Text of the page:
Is there a discussion in the book about the purpose of adding ascorbic acid?  I just saw the contest #2 in which the recipe called for it.  I'm curious because a woman I know on the internet used to work in a bakery in Vietnam, and said that to get similar results to the banh mi there, you need to add ascorbic acid.  Does it act as a gluten relaxer?  Traditional banh mi have a very tender and crisp crust, and a very light and tender, relatively closed crumb.
    • By quiet1
      We have a local Italian bakery my mom loves, but they are very expensive and hard for her to get to. She also really likes cookbooks (she reads them even if she never cooks from them  ) so I was thinking for her birthday I could get her a cookbook that has similar cookies and cakes, and offer to make a few things for her on request also.
       
      I'll obviously look myself, but eGullet is always well informed about the quality of cookbooks so I wanted to know if anyone has any recommendations. The thing about the Italian bakery is that the stuff they make seems to me to be not as sweet as classic American recipes, and often have more complex flavors and also are usually on the light end for whatever the item is. (Like even something that's intended to be dense doesn't have a very heavy sensation in the mouth.)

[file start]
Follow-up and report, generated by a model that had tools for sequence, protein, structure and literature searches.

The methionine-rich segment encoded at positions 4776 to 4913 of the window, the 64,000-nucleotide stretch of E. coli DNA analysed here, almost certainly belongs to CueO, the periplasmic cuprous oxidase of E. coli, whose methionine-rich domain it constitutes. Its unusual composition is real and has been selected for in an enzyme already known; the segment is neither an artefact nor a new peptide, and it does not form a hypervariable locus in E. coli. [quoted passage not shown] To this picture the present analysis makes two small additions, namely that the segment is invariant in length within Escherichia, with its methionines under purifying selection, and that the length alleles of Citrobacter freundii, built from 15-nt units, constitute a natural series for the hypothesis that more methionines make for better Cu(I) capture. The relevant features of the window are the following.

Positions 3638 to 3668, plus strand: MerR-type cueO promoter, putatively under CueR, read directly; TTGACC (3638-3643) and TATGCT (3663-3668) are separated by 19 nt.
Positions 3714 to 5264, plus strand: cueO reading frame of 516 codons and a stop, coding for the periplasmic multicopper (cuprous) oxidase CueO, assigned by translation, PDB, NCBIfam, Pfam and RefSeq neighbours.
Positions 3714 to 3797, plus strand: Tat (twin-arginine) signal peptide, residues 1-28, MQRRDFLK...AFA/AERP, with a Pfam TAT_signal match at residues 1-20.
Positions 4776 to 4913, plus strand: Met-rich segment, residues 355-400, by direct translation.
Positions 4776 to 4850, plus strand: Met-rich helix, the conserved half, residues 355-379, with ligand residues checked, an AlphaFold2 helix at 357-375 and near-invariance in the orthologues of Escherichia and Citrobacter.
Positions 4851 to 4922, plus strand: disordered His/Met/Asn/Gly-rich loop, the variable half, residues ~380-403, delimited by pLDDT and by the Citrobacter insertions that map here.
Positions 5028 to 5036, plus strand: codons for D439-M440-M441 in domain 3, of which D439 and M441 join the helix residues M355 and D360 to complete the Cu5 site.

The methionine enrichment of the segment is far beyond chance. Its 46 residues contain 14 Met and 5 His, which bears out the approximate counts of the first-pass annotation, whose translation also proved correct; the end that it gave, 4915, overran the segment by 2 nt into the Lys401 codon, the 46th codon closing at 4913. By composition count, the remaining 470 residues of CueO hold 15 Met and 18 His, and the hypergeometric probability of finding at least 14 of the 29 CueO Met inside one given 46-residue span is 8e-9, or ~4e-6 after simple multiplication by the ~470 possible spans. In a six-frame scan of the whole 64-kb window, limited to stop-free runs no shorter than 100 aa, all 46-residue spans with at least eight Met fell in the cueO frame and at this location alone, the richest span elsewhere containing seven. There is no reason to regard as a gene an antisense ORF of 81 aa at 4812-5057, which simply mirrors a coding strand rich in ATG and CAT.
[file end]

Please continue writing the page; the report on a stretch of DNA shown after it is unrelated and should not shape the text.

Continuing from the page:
• By Raamo
      HOST'S NOTE: This post and those that follow were split off from the pre-release discussion of Modernist Bread.
      *****
       
      Figured I don't need to dump all this into the contest thread - so I'll post here.  My journey to making my first MC loaf.
       
      Her's the poolish after >12 hours:

       
       
      Not pictured - water with yeast in it below the bread flour and poolish

       
      That went into the mixer and not long later I had a shaggy mass:
       

       
      That rested for a while - then mixed until medium gluten formation - a window pane that was both opaque and translucent (no picture for that slightly messy part)
       
      Folded and rested, folded and rested, I think this is 1/2 the mass now ready to rest one final time.
       

       
      Proofed it in the oven - I have a picture of that but it's just foggy window oven
       
      Then it went into the oven, here it is at max temp - 450 with steam turned on.
       

       
      Completed loaf:
       
      \
       
      And the crumb - this is awesome bread:

       
    • By gibbs
      I got my copy of Eleven Madison Park: The Next-Chapter earlier this year and have enjoyed reading through it several times. 
      As a result, I have been considering getting the version published in 2011 for Christmas, however, I am not sure if it is a duplicate of the recipe book included with the next chapter set. 
      So I am wondering if somebody has access to both if they would be able to advise me whether the recipes are duplicated between the two books.
  • Recently Browsing   0 members

    No registered users viewing this page.

×